How to Be a Globally-Minded IT Executive

Technology has made the world a very small place, and allowed for international connections to be made in an instant. C-level executives have a great deal to gain from being able to bridge these international gaps, and in an article for TechRepublic, Mary Shacklett elaborates on the simple ways to do so.

The first barrier to break through may seem like the most obvious: language. Taking steps to learn someone’s native language does wonders for improving the relationship, and it can help enhance your own abilities. The ability to learn new languages is something that Americans struggle with.  Pew Research concluded that a mere 25 percent of American adults confirm they can speak another language. Of this group, only 43 percent are willing to assert that they can do so very well. This contrasts greatly to the rest of the world. Increased numbers of organizations are offering foreign language studies to their executives as incentives to bridge this barrier.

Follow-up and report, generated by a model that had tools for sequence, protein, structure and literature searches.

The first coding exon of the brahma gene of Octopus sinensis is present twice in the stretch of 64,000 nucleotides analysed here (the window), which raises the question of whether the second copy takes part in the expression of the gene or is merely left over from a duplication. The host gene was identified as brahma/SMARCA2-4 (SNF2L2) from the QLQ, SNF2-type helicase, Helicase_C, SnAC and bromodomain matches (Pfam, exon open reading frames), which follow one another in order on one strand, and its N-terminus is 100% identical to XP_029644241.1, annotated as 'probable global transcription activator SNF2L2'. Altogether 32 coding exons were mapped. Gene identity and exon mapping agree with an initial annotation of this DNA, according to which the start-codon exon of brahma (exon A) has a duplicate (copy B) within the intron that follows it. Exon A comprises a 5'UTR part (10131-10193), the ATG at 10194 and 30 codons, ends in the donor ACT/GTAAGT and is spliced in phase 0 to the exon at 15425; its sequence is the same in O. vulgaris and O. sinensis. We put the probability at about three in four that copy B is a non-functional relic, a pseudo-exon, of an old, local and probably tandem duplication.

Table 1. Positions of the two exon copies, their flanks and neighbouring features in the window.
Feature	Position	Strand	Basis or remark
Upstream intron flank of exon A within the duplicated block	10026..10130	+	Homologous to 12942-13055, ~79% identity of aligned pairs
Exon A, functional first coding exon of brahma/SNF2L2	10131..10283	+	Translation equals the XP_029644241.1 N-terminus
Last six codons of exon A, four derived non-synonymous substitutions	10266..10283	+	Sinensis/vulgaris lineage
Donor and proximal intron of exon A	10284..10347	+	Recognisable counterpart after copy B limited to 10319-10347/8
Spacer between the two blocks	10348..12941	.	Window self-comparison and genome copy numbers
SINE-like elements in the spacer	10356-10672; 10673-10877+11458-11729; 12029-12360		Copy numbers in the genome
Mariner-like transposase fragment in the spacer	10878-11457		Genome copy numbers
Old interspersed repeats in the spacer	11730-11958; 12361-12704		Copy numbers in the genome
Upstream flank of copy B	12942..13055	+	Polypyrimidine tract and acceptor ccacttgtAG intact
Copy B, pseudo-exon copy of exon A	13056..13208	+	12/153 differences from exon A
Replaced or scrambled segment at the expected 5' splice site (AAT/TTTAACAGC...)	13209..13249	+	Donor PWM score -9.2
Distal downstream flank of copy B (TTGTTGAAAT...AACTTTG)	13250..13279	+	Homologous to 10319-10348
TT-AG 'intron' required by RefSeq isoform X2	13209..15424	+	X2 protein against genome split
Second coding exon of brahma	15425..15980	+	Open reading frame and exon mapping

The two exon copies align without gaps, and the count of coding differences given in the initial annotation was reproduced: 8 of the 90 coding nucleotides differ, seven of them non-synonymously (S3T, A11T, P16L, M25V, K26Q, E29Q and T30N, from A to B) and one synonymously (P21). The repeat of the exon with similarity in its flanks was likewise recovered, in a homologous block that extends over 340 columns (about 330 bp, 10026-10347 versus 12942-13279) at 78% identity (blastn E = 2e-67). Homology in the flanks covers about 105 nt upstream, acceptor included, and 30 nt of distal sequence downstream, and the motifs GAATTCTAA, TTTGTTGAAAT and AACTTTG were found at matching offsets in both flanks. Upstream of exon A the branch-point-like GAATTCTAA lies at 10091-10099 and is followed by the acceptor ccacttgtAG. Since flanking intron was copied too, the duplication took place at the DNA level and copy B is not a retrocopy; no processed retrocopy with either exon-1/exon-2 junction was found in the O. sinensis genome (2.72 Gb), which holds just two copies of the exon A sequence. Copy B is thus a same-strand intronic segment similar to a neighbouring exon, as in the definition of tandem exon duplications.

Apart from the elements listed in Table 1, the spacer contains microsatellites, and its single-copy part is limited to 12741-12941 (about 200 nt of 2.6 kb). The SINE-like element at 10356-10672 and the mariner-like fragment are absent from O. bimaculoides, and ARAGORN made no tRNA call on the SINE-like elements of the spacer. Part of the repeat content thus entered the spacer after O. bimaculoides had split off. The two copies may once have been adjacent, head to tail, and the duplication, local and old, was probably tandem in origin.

Every country has its very own unique set of systems and regulations. Take it upon yourself to be familiar with what you are working with. Accounting systems and regulatory requirements in different countries vary drastically. Additionally, commercial software has to be researched for vendor support.

Another huge variance in differing countries is culture and societal norms. If you are working in another country you should be mindful of what is deemed appropriate so you do not offend anyone. Religious beliefs may be present, such as the Islamic customs in the Middle East that are so prominent. In Japan, if you receive a business card you are expected to thoroughly review it before you throw it in a pocket, as a sign of respect. Another important cultural difference is dining practices. Know who you are working with and what is important to them.

If you want a real competitive advantage, you will take these differences seriously. Work these expectations into job descriptions and be sure that your international edge is up to par. You can read the original article here:

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